How do I get a copy of my criminal record?
A National Police Certificate (NPC), often referred to as a 'police check', provides a national summary of an individual's disclosable offender history. It is generally requested by organisations as one part of the process to ensure the integrity of staff or volunteers.
National Police Certificate Application forms can be downloaded and completed on line via the SAPOL- Apply for a Police Record Check website.
Fees apply and are gazetted by the SA Government. Applicants who are unable to complete an on line form can attend a police station and request a hard copy form.
What information does a person’s criminal record show?
South Australia Police (SAPOL) record both personal information and details about charges and convictions on individual criminal records. The information shown includes:
- Offender’s full name
- Alias (if any)
- Residential address
- Personal description (hair and eye colour, height, identifying marks and build)
- Date of birth
- Offences with which a person has been charged (i.e. arrests)
- All court appearances (including court appearances as a juvenile)
- Whether a person was convicted of any offences and details of these offences, including date of conviction and whether conviction was recorded
- Details of sentences imposed
- Other information including specific departmental records, outstanding warrants, paedophile restraining orders, intervention orders, diversions, cautions and expiable matters.
Note: there is often a time lapse between when a conviction is recorded by the courts and the updating of SAPOL’s criminal records databases. As a result the NPC can only reflect the accuracy and completeness of these records up to the date of issue.
SA Police are bound by the Spent Convictions Act 2009 (SA) when determining what to release on a NPC. Under the Act, it is an offence to release information regarding the convictions of a person if those convictions are deemed to be spent under the Act. The Act defines a conviction as: a formal finding of guilt by a Court; or a finding by a Court that an offence has been proved.
A spent conviction is one that cannot be disclosed or taken into consideration. Often the outcome for a matter is "without conviction" or "no conviction recorded". As these are findings by a Court they still meet the definition of conviction, but they are taken to be immediately spent. Other eligible convictions become spent following a ten year qualification period if no further offences are committed, in South Australia or elsewhere. For juveniles, a five year qualification period applies.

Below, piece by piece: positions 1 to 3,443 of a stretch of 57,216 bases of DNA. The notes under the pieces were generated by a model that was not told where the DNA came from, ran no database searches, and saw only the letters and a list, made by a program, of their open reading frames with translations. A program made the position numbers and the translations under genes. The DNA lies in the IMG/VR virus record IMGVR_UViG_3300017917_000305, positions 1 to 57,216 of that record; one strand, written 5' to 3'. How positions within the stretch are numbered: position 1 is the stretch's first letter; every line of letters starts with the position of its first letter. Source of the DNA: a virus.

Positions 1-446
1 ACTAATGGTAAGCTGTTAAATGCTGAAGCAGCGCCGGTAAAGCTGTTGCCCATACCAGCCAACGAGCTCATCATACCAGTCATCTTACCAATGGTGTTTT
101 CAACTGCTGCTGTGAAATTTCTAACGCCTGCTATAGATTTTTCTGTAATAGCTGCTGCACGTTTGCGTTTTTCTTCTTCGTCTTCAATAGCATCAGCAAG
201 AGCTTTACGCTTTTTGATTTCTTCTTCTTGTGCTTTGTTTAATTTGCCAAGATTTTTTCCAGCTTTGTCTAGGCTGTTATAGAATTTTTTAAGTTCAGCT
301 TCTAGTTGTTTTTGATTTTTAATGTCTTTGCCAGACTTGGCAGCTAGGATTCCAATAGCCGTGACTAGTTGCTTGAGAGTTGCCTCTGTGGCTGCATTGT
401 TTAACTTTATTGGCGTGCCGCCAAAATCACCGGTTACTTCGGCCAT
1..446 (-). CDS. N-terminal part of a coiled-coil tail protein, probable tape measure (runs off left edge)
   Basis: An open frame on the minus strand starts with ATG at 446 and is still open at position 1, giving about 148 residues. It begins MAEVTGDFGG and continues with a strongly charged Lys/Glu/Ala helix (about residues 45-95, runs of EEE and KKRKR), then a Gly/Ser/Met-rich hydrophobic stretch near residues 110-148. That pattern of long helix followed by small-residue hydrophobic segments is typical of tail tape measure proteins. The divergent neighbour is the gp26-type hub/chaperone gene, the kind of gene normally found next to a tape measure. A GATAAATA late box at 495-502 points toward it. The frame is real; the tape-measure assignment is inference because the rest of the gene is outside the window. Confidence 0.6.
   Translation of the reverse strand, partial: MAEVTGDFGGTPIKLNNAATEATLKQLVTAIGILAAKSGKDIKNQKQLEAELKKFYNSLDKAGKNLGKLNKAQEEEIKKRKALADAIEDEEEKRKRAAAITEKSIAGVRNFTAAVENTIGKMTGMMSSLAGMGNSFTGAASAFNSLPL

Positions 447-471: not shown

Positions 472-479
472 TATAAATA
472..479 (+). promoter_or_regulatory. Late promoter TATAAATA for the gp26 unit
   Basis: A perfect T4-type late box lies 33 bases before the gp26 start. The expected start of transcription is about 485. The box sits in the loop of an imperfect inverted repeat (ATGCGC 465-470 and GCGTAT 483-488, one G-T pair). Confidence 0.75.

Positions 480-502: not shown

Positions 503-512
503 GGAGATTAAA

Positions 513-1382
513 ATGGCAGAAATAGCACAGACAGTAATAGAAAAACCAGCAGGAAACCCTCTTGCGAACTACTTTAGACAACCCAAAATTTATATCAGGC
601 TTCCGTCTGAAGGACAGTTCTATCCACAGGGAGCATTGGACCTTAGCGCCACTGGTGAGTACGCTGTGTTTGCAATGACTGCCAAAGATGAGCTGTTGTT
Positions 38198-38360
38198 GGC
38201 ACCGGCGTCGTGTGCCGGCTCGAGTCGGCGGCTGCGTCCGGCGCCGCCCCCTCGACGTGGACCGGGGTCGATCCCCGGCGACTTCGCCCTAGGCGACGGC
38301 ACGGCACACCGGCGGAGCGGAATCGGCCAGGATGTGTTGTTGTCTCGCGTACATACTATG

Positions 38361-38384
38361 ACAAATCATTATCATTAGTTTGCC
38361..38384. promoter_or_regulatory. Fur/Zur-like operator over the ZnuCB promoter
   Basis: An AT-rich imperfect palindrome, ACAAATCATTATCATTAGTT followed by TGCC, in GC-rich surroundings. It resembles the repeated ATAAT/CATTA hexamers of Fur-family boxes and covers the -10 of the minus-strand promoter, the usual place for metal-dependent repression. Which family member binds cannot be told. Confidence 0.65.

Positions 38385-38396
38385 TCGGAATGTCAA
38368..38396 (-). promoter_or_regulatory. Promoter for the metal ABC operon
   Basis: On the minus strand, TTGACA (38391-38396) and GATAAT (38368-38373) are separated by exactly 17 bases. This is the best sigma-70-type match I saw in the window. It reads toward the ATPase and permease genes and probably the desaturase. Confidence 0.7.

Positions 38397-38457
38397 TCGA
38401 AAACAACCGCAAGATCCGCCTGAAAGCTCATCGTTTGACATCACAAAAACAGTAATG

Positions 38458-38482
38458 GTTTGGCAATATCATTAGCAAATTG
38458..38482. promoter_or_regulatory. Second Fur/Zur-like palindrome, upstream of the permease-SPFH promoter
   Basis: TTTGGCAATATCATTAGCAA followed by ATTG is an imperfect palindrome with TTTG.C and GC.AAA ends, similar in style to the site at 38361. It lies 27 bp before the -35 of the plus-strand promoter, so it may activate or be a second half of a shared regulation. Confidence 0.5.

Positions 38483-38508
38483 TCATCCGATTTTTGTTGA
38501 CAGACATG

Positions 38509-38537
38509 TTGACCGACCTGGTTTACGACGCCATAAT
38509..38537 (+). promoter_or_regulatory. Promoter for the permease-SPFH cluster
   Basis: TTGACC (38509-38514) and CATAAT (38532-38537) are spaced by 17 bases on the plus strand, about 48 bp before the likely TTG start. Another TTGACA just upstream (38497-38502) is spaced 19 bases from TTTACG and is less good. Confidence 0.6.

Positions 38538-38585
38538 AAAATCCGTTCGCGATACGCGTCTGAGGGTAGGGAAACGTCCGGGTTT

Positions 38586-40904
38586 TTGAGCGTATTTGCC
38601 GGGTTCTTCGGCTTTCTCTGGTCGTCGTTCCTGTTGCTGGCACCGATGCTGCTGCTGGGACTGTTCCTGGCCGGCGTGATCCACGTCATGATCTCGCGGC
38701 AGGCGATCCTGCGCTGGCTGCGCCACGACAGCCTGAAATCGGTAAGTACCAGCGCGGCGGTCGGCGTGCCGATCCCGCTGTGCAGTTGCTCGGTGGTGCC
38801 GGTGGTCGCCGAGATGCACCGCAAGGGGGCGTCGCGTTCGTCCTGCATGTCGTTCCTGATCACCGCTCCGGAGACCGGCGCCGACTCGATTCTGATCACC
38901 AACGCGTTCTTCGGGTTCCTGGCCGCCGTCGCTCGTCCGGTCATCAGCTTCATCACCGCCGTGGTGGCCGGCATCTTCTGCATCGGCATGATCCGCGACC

For further information see Spent Convictions.
Who can see my criminal record/history?
You may view your own personal history but access to these records can only be obtained by someone else (for example, an employer) with your permission. Personal history may also be released to approved organisations and government departments that have entered into a Memorandum of Understanding for the release of personal information.
How long does it take to get a National Police Certificate?
Requests for National Police Certificates usually take between 5 to 15 working days.
Who is eligible for a free police check?
Fee waivers apply only to unpaid South Australian volunteers working with approved Volunteer Organisation Authorisation Number (VOAN) organisations. The cost of VOAN police checks is funded by the South Australian government. VOAN organisations qualify for volunteer fee waivers because they provide services to vulnerable groups within the community. The VOAN is a secure number and must remain secure within an organisation to prevent illegitimate usage.
For more information click on the following link - National Police Checks .
The content of the Law Handbook is made available as a public service for information purposes only and should not be relied upon as a substitute for legal advice. See Disclaimer for details. For free and confidential legal advice in South Australia call 1300 366 424.